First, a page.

Angry Americans are sharing how they pay way more in taxes than Trump

A blockbuster story from The New York Times on Sunday revealed President Trump paid only $750 in taxes in 2016 and 2017 and no taxes for 10 of the 15 years before entering the White House.

The extremely low figures are shocking because, according to Forbes, Trump is worth approximately $2.5 billion.

"His portfolio, which includes commercial buildings, golf properties and branding businesses, is worth an estimated $3.66 billion before debt," Forbes reports. "The president has a fair amount of leverage — adding up to a roughly $1.13 billion — but not enough to drag his net worth below a billion dollars."


To put things in perspective, the $750 Trump paid in taxes is what a single adult with no children who earned $17,900 in 2017 would pay.

In 2017, the median income American household brought in $63,761 according to the Census Bureau. The federal income tax cost for this family would be about $8,600 for couples filing jointly, and $11,670 for singles — that's more than ten times greater than what the President of the United States paid.

Trump's tax payments provide even further evidence of his duplicitous business dealings and are an indictment of a system that treats billionaires differently than working people.

However, to Trump, it's simply an indicator of his intelligence.

In a 2016 debate, Hillary Clinton brought up his attempts to stiff the government on his tax obligations, to which Trump replied, "That makes me smart."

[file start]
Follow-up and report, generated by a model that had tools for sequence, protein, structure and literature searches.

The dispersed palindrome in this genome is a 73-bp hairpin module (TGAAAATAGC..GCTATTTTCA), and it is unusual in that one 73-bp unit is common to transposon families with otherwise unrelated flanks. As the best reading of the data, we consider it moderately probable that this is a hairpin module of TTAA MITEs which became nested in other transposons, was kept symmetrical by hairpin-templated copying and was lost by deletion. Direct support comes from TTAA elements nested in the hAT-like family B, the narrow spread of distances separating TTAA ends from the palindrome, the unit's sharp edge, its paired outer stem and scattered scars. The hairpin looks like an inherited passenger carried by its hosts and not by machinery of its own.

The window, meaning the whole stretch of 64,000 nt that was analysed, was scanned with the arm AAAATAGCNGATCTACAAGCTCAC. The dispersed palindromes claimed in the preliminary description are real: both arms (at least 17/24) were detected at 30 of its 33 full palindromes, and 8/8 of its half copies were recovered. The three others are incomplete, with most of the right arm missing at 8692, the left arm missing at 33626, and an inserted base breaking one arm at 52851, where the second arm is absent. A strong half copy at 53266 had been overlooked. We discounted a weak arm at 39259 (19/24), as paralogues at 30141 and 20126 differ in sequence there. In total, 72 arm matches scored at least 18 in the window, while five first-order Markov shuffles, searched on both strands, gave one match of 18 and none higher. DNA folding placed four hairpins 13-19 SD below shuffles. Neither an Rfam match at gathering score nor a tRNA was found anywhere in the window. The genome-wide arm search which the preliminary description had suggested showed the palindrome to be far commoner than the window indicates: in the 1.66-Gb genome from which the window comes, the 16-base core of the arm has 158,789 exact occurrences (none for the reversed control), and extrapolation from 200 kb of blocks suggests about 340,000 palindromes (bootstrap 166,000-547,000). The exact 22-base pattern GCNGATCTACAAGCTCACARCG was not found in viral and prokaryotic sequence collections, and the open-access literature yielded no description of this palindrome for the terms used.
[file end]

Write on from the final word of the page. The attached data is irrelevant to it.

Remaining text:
"He's paid zero. That means zero for troops, zero for vets, zero for schools, and health," Clinton said. "And I think probably he's not all that enthusiastic about having the rest of our country see what the real reasons are because it must be something really important, even terrible that he's trying to hide."

The Joe Biden campaign responded to the tax revelations by releasing a calculator that allows people to compare what they pay in taxes to Trump.

"Do you pay more or less in federal income taxes than our "billionaire" President? Use this calculator to find out," the site reads.

Democratic representative Alexandria Ocasio-Cortez pointed out the blatant inequity in our system that allows Trump to get away with tax avoidance while lower-wage workers foot the bill.

"In 2016 and '17, I paid thousands of dollars a year in taxes as a bartender. Trump paid $750," Rep. Alexandria Ocasio-Cortez tweeted Sunday. "He contributed less to funding our communities than waitresses and undocumented immigrants. Donald Trump has never cared for our country more than he cares for himself. A walking scam."

The news about Trump's taxes has inspired many Americans to follow Ocasio-Cortez's lead by sharing the amount they pay in taxes and how they earned their money.






















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Anne Hebert, a marketing writer living in Austin, TX, jokes that her closest friends think that her hobby is "low-key harassment for social good". She authors a website devoted entirely to People Doing Good Things. She's hosted a yearly canned food drive with up to 150 people stopping by to donate, resulting in hundreds of pounds of donations to take to the food bank for the past decade.